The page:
Senate debates

Thursday, 24 November 2016


Income Tax Rates Amendment (Working Holiday Maker Reform) Bill 2016, Treasury Laws Amendment (Working Holiday Maker Reform) Bill 2016, Superannuation (Departing Australia Superannuation Payments Tax) Amendment Bill 2016; In Committee

12:48 pm

Photo of Mathias CormannMathias Cormann (WA, Liberal Party, Minister for Finance) Share this | Hansard source

No, that was actually the tail end of the Fraser government. It was the 1983-84 budget. So it has been in place since 1983-84. It was 29 per cent in 1983-84. It was increased under the Labor government, the Gillard government, by the then Treasurer Wayne Swan to 32.5 per cent in the 2012-13 budget. And as you know, under our legislation, we are proposing to reduce that to 19 per cent from 1 January 2017.

It is true that, if the legislation is not passed, the current rate of 32.5 per cent will continue to be the tax rate from that time. I also have to say that the $18,200 tax-free threshold for residents in Australia is only a recent development. It was increased quite substantially in the wake of the introduction of the carbon tax by way of carbon tax related compensation.

When it comes to foreign workers, the uncertainty that existed prior to the 2015-16 as to the status of backpackers, working holiday-makers, was whether they were residents or nonresidents. If they were treated as nonresidents, like any other foreign worker in Australia they paid tax from day one. The tax rate applied by Labor was 32.5 per cent. If they were treated as residents then they were able to take advantage of the same tax-free threshold arrangements as Australian taxpayers.

That was an unresolved issue back in 2015. The budget measure was designed to provide certainty and to resolve that issue. But around the same time as that measure was being discussed the Administrative Appeals Tribunal heard a number of cases which were handed down on 6 March 2015. Those cases confirmed that working holiday-makers invariably were nonresidents for tax purposes, and the tax office clarified it and provided certainty around the status of working holiday-makers as non-resident taxpayers and workers. In statements released by the tax office on 2 November 2016, the tax commissioner has made that very clear. He said:

We consider that most working holiday makers are non-residents due to their pattern of working and holidaying while in Australia.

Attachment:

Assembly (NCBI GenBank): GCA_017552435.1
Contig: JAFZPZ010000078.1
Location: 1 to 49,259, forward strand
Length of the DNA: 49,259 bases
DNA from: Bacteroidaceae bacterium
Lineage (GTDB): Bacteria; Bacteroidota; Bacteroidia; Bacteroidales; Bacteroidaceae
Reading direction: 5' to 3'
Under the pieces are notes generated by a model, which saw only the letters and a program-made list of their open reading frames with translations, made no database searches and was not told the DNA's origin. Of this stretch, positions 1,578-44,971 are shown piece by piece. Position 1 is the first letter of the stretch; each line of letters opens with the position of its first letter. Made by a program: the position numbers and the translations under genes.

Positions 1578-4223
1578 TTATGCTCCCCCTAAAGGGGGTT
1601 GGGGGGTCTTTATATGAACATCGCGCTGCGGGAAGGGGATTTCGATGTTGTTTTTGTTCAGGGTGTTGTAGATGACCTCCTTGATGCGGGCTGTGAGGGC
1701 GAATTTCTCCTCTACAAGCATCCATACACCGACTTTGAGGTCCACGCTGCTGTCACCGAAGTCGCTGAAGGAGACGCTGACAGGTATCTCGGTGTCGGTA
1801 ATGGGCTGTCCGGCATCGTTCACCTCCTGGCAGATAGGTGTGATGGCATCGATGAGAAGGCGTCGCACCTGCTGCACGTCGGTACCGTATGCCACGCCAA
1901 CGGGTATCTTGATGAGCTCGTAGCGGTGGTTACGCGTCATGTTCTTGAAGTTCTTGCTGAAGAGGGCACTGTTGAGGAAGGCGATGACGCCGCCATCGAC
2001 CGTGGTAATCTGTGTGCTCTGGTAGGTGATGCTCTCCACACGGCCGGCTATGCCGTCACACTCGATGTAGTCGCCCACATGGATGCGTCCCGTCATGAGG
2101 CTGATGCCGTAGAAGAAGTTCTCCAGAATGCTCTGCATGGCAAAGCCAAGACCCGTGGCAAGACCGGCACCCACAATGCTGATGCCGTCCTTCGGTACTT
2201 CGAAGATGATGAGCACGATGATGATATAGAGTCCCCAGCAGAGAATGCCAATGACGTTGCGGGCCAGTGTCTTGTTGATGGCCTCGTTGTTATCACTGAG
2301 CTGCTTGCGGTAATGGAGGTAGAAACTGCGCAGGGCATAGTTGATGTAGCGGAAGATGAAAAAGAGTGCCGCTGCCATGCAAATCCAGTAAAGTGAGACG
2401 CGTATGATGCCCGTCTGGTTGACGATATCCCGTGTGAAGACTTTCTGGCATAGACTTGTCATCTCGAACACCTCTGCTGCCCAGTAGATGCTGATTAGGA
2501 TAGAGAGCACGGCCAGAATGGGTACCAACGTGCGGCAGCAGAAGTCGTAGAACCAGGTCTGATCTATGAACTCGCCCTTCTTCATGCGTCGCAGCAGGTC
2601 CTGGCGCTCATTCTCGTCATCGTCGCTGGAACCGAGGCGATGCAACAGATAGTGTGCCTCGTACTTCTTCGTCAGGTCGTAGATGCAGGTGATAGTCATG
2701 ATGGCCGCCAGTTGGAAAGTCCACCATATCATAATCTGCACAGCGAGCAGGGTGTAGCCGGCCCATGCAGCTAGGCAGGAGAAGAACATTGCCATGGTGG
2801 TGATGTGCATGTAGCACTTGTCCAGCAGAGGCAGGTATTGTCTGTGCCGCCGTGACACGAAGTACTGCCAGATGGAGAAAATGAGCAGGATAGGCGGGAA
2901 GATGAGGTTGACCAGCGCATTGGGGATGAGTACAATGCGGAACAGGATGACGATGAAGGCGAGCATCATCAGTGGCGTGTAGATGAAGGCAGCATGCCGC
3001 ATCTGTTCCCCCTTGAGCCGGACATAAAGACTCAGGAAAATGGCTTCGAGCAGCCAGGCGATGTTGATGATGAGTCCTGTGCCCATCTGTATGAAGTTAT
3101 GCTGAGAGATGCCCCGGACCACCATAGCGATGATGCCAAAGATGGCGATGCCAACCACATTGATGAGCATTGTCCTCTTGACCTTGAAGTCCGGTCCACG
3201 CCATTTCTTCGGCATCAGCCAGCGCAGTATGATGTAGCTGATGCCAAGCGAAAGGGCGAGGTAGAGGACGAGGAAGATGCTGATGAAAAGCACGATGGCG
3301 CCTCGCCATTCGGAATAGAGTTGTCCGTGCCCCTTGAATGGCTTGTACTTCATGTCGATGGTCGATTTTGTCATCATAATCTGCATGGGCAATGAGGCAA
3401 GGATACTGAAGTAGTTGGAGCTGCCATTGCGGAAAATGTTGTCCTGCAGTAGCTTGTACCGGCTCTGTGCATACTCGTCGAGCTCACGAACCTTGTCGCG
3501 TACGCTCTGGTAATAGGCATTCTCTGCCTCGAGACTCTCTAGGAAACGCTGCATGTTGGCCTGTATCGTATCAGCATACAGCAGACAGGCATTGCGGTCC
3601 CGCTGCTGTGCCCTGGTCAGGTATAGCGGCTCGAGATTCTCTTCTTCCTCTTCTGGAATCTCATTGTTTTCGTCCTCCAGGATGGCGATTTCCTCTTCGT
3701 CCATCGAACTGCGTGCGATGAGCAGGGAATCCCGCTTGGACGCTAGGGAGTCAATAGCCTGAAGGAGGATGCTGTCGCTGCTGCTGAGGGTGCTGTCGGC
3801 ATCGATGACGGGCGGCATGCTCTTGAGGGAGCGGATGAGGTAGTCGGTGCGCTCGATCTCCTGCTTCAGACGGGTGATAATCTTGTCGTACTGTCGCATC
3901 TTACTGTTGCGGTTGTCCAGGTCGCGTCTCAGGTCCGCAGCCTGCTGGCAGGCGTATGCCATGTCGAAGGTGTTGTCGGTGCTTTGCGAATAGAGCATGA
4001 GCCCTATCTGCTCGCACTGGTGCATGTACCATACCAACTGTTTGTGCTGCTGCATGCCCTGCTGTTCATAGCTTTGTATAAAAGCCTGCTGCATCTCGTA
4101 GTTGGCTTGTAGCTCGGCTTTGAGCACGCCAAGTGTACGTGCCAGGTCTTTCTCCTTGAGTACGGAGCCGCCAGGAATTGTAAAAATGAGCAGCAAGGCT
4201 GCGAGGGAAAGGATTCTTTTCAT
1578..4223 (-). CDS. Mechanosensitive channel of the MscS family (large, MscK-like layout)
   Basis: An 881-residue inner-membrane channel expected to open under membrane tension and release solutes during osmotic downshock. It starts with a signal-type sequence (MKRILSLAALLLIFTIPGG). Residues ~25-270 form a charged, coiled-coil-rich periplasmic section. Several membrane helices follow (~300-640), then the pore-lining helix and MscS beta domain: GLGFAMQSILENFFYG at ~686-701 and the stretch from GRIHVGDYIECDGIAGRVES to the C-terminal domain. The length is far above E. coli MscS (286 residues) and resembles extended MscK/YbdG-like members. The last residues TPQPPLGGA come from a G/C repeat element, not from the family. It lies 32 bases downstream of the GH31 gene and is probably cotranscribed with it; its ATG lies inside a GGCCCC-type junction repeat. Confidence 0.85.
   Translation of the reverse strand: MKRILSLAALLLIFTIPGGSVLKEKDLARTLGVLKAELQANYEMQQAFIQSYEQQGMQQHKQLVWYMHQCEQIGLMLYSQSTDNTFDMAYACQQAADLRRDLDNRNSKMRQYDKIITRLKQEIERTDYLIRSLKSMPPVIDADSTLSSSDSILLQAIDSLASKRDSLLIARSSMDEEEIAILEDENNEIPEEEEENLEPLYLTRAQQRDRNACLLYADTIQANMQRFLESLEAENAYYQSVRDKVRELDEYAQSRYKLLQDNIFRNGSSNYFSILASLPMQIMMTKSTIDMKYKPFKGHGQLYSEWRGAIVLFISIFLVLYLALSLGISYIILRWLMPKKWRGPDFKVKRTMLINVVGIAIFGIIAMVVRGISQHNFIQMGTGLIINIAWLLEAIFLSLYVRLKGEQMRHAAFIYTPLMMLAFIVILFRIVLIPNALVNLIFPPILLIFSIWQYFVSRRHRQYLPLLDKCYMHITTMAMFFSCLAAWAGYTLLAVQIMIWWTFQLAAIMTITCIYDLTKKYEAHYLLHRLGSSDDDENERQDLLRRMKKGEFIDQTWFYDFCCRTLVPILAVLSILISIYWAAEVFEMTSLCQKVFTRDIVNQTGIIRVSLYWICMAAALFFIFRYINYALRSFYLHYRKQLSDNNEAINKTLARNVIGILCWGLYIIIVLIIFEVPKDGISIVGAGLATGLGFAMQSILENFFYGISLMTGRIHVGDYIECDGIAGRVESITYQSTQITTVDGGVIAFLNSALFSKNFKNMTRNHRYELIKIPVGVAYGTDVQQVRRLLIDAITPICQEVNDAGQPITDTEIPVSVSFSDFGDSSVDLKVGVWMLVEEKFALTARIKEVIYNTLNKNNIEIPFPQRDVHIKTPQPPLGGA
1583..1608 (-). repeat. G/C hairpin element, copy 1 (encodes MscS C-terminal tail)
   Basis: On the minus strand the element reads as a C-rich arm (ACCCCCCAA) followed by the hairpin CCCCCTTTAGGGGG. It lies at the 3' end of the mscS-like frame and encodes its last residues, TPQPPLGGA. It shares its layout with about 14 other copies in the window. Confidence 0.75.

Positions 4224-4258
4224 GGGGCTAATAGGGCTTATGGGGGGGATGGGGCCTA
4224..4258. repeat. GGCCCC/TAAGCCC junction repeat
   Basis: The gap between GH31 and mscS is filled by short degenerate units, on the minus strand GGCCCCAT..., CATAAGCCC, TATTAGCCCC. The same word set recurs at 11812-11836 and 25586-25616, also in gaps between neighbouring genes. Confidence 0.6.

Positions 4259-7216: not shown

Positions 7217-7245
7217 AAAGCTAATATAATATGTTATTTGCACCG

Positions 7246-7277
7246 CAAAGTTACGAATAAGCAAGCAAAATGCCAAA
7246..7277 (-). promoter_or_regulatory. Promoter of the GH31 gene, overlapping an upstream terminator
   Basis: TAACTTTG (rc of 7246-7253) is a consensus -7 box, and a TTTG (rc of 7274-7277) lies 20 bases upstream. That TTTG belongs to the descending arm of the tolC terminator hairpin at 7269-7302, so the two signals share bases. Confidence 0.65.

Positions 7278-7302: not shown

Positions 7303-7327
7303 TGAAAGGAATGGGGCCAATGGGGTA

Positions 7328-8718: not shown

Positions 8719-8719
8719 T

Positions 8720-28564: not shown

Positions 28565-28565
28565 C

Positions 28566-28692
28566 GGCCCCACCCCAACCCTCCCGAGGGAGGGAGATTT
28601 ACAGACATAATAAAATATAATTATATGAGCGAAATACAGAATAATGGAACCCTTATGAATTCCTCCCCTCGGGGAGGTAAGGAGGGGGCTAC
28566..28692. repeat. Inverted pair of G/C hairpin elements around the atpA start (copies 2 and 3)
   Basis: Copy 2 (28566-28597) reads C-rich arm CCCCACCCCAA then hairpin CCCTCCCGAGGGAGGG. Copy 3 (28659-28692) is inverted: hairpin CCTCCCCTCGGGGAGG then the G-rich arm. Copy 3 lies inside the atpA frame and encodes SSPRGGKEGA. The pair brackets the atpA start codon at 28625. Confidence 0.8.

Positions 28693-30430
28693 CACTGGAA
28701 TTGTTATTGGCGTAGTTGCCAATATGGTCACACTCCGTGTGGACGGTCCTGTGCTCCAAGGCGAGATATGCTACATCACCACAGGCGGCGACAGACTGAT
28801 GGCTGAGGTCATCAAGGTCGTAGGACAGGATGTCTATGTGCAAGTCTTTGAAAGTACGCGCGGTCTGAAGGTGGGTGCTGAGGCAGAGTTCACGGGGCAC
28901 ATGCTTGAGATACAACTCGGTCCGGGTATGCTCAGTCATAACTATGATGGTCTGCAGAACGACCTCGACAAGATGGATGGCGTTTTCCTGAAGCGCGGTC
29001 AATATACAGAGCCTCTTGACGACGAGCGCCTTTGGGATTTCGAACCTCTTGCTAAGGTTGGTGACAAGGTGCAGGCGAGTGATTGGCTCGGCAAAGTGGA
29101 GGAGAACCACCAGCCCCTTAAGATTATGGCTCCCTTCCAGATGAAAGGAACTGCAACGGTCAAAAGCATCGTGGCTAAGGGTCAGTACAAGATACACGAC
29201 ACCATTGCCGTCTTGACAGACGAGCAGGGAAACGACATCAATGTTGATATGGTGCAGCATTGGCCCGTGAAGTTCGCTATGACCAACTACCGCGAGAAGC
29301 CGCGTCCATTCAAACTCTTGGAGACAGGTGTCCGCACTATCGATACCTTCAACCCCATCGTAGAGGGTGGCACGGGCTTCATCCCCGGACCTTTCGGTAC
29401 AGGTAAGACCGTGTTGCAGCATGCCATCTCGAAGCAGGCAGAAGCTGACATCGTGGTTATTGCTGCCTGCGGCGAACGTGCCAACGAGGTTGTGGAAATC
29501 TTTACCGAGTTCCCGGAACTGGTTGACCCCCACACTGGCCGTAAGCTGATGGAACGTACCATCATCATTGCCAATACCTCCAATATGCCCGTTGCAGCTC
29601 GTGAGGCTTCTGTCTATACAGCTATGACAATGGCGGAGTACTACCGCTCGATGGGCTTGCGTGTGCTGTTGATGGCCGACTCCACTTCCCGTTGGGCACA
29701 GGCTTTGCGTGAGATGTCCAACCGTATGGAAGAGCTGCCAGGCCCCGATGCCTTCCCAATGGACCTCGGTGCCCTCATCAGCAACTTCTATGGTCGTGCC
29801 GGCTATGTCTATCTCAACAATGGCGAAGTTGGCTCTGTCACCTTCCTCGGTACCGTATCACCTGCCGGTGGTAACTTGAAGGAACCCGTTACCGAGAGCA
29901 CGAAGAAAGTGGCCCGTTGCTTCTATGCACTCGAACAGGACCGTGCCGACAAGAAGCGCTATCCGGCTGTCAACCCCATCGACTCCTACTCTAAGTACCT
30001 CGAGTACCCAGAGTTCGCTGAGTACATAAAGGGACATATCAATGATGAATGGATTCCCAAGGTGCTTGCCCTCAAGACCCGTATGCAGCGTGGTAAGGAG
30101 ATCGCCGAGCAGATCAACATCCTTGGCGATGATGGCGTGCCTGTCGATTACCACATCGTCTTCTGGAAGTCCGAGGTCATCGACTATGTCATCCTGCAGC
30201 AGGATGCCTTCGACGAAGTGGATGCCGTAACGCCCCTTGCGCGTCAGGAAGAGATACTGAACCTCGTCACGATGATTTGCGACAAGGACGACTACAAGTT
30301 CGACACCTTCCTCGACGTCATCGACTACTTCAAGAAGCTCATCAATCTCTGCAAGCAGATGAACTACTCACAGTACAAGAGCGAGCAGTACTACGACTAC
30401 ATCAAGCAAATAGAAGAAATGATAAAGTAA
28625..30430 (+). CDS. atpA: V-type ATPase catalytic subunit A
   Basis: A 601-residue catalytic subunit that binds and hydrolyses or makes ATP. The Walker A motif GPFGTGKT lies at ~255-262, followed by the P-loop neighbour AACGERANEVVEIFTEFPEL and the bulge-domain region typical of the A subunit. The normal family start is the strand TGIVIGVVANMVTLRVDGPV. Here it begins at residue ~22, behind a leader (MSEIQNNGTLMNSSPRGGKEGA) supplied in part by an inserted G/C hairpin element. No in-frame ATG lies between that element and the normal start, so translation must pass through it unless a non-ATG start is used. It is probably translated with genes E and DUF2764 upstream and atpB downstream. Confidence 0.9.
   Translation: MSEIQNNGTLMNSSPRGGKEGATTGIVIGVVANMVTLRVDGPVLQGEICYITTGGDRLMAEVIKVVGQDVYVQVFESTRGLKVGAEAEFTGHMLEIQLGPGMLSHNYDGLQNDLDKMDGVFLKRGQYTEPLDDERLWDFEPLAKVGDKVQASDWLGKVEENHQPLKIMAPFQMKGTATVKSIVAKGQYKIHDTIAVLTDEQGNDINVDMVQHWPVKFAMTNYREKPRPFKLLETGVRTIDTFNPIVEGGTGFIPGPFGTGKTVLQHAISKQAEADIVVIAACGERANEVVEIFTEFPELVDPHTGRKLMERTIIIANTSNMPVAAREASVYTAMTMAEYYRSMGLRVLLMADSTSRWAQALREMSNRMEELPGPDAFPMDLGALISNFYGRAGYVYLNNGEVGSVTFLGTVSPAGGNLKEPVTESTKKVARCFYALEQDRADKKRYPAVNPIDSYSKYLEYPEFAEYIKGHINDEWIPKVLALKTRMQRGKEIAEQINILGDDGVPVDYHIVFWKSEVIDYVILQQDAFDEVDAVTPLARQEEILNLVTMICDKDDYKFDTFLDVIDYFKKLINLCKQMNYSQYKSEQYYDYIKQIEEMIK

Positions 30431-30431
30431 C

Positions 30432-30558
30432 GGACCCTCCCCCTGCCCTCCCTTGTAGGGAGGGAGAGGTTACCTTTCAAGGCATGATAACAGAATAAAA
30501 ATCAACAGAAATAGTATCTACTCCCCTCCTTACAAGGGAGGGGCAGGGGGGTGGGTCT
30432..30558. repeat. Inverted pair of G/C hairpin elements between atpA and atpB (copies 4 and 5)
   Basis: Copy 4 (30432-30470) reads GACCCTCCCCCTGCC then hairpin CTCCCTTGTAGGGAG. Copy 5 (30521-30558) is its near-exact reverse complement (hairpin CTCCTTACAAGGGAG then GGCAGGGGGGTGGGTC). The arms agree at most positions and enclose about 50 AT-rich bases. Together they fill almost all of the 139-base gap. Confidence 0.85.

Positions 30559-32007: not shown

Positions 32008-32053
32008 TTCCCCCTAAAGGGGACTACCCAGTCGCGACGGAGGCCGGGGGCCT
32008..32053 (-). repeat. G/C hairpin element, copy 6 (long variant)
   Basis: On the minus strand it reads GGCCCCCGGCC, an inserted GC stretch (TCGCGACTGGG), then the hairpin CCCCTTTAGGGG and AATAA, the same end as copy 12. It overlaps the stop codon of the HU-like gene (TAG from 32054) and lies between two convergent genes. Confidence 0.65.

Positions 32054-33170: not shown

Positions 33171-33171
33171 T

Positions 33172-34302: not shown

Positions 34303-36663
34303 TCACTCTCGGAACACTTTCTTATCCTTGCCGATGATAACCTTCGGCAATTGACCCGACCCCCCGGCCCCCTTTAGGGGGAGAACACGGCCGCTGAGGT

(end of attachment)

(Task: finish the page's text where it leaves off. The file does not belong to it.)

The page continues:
We will help working holiday makers understand Australia’s self-assessment tax system, so that they correctly advise their employers of their residency status …

The implication of all of this, as you quite rightly pointed out, is that if this bill today does not pass or does not pass in a way that is acceptable to the government the consequence of that will be that the Labor tax rate of 32.5 per cent will apply to every foreign worker in Australia, including working holiday-makers. That will be the consequence.

We are proposing a sensible compromise which Liberal and National Party senators along with their colleagues in the House of Representatives worked on very hard with stakeholders across the sector to come up with. We are proposing to bring the rate down to 19 per cent, which we think is sensible. Obviously we have a fiscal challenge in Australia. Obviously we need to raise more revenue. I guess the implication of the proposition put by some that we should cut the tax further is that we would be cutting taxes for foreign workers and forcing taxes up for Australian workers or forcing deeper cuts in order to get the budget back into balance. We do not believe, on balance, that that is the right way to go. This is going to be my only contribution in order to facilitate the process.

The way this has been framed by the government, in close consultation with all relevant parts of the sector and in close consultation ,from the government's point of view, with Liberal and National Party members and senators in particular, has been to ensure that those holiday-makers coming to Australia have a better deal than if they went to New Zealand, the United Kingdom or Canada, for example. Indeed, under our government's changes, a backpacker earning $30,000 in Australia during their holiday would have $10,530 in their pocket after tax. Under similar working arrangements, take-home pay in Canada would be just $9,937. In New Zealand it would be $10,126. In the United Kingdom it would be $10,470. So when you look at the pure financials you will see that the arrangement we are proposing is internationally competitive.

Let me assure you as somebody who as a student came on a holiday to Australia—and, of course, I stayed!—that I came to Australia because of what a wonderful country Australia is. I did not sit there with my laptop trying to figure out what the tax rates were in Australia. It might surprise you, but I certainly did not think, 'What are the tax rates in Australia? Oh, okay. They are slightly better than in New Zealand or Canada. Let's go to Australia because they have a more competitive tax rate!' That is certainly not the way it worked for me. I put it to you that that is not the way it works for most holiday-makers. I think most holiday-makers come to Australia because of what a beautiful country Australia is. It is because of what a wonderful country Australia is. It is because it is such a great country to visit with such great opportunities and such great people to meet. Yes, of course, you have to be mindful that your tax arrangements are internationally competitive. We believe that what is on the table here is internationally competitive, and we commend it to the Senate.


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